This paper presents an interdisciplinary methodology of implementing bespoke, low-impact, lightweight structures as additions to historical buildings with the aim of enhancing their performance in terms of visual, lighting and hygrothermal comfort. To do this, the study focuses on the renovation of Sala delle Asse, one of the most relevant rooms of Castello Sforzesco in Milan. The design task at hand is to produce self-standing vertical screens for the large-scale windows in the room, in order to reduce the amount of sunlight that reaches the frescos, as well as to block air drafts that bring humidity inside the room. The main challenge of the project proved to be the fragility of the direct context, since the screens must be sealed in the borders, but no perforations are allowed on the vaulted edges of the windows. Thus, a textile-hybrid structure is proposed as a solution, due to its self-standing principle that would not require drilling on the vault. The experimental campaign starts by performing preliminary anemometric measures on the room and by modelling the illuminance level based on the definition of the optical properties of the glazing surfaces. These analyses, combined with parametric simulations, gave results on the preferred position and optical requirements of the curtains. After a selection of materials with the right visual qualities was made, these textile materials went through further optical tests to check their compatibility with the comfort requirements. Design choices were updated with these test results and were followed by mechanical studies on the stretching properties of the unconventional knitted textile materials to define the project’s feasibility. This feedback loop of empirical data, in addition to a computational simulation of the structure’s behavior, was applied to the construction of a real-scale mock-up to test the bending active principle. The mock-up also gives experimental results on how to change the structure in further design steps. In conclusion, this paper proposes an integrated feedback process, started from the very early-stage of design, that is not commonly applied in the architectural practice. In addition, the paper argues that the presented methodology and design process can be potentially applied in further historical contexts.

A tensile screen for the windows of Castello Sforzesco: integrating anemometric, optical and mechanical tests in the early-stage design of bespoke textile hybrid structures in historical contexts

Zanelli A.;KOLO, ELPIZA;Monticelli C.;Rosina E.;Poli T.;SPERONI, ALBERTO;Mainini A. G.
2019

Abstract

This paper presents an interdisciplinary methodology of implementing bespoke, low-impact, lightweight structures as additions to historical buildings with the aim of enhancing their performance in terms of visual, lighting and hygrothermal comfort. To do this, the study focuses on the renovation of Sala delle Asse, one of the most relevant rooms of Castello Sforzesco in Milan. The design task at hand is to produce self-standing vertical screens for the large-scale windows in the room, in order to reduce the amount of sunlight that reaches the frescos, as well as to block air drafts that bring humidity inside the room. The main challenge of the project proved to be the fragility of the direct context, since the screens must be sealed in the borders, but no perforations are allowed on the vaulted edges of the windows. Thus, a textile-hybrid structure is proposed as a solution, due to its self-standing principle that would not require drilling on the vault. The experimental campaign starts by performing preliminary anemometric measures on the room and by modelling the illuminance level based on the definition of the optical properties of the glazing surfaces. These analyses, combined with parametric simulations, gave results on the preferred position and optical requirements of the curtains. After a selection of materials with the right visual qualities was made, these textile materials went through further optical tests to check their compatibility with the comfort requirements. Design choices were updated with these test results and were followed by mechanical studies on the stretching properties of the unconventional knitted textile materials to define the project’s feasibility. This feedback loop of empirical data, in addition to a computational simulation of the structure’s behavior, was applied to the construction of a real-scale mock-up to test the bending active principle. The mock-up also gives experimental results on how to change the structure in further design steps. In conclusion, this paper proposes an integrated feedback process, started from the very early-stage of design, that is not commonly applied in the architectural practice. In addition, the paper argues that the presented methodology and design process can be potentially applied in further historical contexts.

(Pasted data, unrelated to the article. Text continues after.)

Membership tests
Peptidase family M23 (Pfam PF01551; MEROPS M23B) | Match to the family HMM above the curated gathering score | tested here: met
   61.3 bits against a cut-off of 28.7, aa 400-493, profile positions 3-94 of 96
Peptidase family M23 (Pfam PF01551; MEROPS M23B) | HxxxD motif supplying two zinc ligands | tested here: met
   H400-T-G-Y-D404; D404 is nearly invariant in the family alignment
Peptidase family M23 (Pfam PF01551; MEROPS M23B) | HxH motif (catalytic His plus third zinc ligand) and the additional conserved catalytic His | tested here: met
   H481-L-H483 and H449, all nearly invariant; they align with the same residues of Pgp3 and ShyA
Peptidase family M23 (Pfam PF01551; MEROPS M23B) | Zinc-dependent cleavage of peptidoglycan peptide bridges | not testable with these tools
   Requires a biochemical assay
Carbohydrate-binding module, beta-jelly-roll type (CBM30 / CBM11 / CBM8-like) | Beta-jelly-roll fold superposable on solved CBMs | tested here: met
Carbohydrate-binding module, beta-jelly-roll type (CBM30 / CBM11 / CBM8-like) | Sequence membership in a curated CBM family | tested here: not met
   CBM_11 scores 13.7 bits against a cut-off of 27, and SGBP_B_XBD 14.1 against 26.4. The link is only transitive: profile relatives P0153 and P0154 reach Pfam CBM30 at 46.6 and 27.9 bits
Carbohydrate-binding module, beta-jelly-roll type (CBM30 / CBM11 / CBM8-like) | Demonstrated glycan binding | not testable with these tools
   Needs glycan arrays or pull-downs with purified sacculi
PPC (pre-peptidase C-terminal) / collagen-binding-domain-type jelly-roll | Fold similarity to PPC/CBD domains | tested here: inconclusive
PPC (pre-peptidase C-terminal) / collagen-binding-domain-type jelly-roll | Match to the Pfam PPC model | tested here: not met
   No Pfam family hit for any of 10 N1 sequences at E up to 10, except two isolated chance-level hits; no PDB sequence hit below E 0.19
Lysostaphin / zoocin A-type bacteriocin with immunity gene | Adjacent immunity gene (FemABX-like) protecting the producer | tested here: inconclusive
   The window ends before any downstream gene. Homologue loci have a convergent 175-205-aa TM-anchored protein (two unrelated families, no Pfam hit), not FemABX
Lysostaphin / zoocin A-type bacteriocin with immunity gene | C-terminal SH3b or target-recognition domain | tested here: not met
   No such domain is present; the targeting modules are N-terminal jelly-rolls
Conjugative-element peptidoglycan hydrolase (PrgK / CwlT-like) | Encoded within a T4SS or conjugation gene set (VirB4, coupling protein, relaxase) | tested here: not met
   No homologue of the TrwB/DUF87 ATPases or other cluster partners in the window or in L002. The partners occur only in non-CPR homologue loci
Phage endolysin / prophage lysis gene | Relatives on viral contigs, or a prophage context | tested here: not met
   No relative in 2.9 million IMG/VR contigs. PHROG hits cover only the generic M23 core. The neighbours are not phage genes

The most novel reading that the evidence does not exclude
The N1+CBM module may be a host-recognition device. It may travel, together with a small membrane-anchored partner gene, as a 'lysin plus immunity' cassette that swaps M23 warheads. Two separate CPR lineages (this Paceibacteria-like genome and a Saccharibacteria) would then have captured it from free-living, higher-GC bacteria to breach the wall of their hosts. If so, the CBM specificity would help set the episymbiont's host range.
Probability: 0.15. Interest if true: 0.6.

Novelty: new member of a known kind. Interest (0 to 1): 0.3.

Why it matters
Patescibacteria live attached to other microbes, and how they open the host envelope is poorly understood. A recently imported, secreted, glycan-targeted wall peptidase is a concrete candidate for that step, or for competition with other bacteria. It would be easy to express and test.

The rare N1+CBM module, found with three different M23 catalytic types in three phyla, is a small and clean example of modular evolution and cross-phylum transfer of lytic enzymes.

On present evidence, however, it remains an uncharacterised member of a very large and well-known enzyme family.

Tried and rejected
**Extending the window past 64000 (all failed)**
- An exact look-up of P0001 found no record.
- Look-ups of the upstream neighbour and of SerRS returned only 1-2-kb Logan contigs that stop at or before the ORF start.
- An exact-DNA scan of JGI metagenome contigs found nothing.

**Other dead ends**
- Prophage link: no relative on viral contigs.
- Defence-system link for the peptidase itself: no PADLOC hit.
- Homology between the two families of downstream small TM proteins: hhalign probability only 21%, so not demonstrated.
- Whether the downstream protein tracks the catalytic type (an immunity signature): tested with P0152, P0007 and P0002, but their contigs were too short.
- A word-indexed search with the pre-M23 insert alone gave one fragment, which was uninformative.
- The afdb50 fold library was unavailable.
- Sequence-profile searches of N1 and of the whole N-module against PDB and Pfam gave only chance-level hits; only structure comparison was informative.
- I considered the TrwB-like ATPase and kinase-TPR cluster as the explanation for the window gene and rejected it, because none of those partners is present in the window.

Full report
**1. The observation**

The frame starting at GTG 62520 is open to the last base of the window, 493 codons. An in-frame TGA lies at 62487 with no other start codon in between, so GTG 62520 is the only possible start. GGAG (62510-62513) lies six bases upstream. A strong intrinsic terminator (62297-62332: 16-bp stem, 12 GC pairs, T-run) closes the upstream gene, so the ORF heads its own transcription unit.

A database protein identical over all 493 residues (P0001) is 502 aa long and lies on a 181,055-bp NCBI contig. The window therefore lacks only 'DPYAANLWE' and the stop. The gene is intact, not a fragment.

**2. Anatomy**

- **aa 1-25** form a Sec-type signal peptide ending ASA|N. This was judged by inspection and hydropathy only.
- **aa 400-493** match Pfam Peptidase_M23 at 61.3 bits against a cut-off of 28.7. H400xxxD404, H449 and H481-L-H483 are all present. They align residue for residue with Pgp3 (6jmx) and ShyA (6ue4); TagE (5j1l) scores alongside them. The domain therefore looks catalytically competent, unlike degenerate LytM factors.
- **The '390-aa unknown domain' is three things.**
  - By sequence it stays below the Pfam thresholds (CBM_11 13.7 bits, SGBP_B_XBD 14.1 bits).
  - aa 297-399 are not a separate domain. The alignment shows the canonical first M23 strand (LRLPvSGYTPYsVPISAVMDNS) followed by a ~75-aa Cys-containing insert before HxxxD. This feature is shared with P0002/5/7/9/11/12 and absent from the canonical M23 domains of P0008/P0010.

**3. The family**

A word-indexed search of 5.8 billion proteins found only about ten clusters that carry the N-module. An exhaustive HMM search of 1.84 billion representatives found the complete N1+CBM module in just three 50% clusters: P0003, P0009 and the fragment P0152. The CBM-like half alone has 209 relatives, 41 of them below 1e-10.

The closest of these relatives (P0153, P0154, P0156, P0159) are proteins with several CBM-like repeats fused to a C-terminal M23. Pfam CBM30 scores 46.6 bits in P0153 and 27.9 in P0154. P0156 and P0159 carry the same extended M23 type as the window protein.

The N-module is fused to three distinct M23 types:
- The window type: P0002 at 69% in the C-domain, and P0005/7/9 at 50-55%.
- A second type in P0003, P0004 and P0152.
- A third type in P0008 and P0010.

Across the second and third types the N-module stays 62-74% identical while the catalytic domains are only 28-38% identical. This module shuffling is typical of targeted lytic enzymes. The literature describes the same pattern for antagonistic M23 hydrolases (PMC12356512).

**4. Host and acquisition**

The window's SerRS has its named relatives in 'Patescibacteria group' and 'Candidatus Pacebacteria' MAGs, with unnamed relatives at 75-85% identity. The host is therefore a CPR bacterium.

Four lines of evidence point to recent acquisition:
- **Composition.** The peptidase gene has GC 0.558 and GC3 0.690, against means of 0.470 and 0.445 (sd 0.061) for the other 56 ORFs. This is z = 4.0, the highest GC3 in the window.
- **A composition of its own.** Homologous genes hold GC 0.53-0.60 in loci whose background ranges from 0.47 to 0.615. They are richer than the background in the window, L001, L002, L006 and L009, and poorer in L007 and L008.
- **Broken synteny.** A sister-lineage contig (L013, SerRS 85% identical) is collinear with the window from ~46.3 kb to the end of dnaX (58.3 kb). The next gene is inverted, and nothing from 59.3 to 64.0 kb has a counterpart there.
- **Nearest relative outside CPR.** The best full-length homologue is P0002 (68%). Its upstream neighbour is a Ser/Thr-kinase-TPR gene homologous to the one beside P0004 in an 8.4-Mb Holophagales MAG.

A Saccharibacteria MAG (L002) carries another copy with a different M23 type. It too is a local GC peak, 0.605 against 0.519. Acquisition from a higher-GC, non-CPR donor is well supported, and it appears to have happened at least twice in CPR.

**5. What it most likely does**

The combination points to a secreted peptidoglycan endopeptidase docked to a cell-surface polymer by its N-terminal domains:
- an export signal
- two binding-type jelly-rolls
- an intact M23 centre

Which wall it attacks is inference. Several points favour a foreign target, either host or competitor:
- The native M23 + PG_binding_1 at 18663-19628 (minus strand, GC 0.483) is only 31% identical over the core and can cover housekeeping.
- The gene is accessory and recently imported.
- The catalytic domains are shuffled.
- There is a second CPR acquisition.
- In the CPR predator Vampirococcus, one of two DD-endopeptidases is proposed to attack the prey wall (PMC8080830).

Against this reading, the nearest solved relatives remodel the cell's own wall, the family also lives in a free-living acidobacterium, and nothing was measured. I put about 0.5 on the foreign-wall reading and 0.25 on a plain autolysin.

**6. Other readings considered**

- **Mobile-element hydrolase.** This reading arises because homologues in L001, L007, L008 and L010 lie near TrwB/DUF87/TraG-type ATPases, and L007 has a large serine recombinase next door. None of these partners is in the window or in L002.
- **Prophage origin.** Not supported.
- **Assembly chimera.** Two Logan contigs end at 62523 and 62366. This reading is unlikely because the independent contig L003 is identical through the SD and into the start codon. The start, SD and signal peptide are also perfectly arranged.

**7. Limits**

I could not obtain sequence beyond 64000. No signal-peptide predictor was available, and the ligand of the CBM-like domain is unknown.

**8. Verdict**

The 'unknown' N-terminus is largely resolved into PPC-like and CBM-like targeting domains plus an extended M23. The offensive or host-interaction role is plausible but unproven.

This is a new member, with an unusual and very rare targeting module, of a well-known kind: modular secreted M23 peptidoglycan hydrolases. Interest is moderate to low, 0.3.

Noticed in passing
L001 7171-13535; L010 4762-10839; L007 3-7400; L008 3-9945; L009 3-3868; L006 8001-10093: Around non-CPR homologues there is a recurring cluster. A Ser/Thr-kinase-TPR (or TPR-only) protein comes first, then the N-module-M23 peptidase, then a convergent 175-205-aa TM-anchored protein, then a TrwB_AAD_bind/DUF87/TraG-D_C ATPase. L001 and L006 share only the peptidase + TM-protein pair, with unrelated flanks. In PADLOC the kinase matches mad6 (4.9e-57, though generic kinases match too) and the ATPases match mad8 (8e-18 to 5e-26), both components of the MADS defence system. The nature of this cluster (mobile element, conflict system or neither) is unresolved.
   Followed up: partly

SOFTENING THE HABITATS - Sustainable innovation in minimal mass structures and lightweight architectures
978-88-916-3245-6
ultra-lightweight architecture
optical tests
anemometric tests
textile hybrid
historical context
multidisciplinary
mechanical tests
experimental design methodology
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Utilizza questo identificativo per citare o creare un link a questo documento: https://hdl.handle.net/11311/1105323
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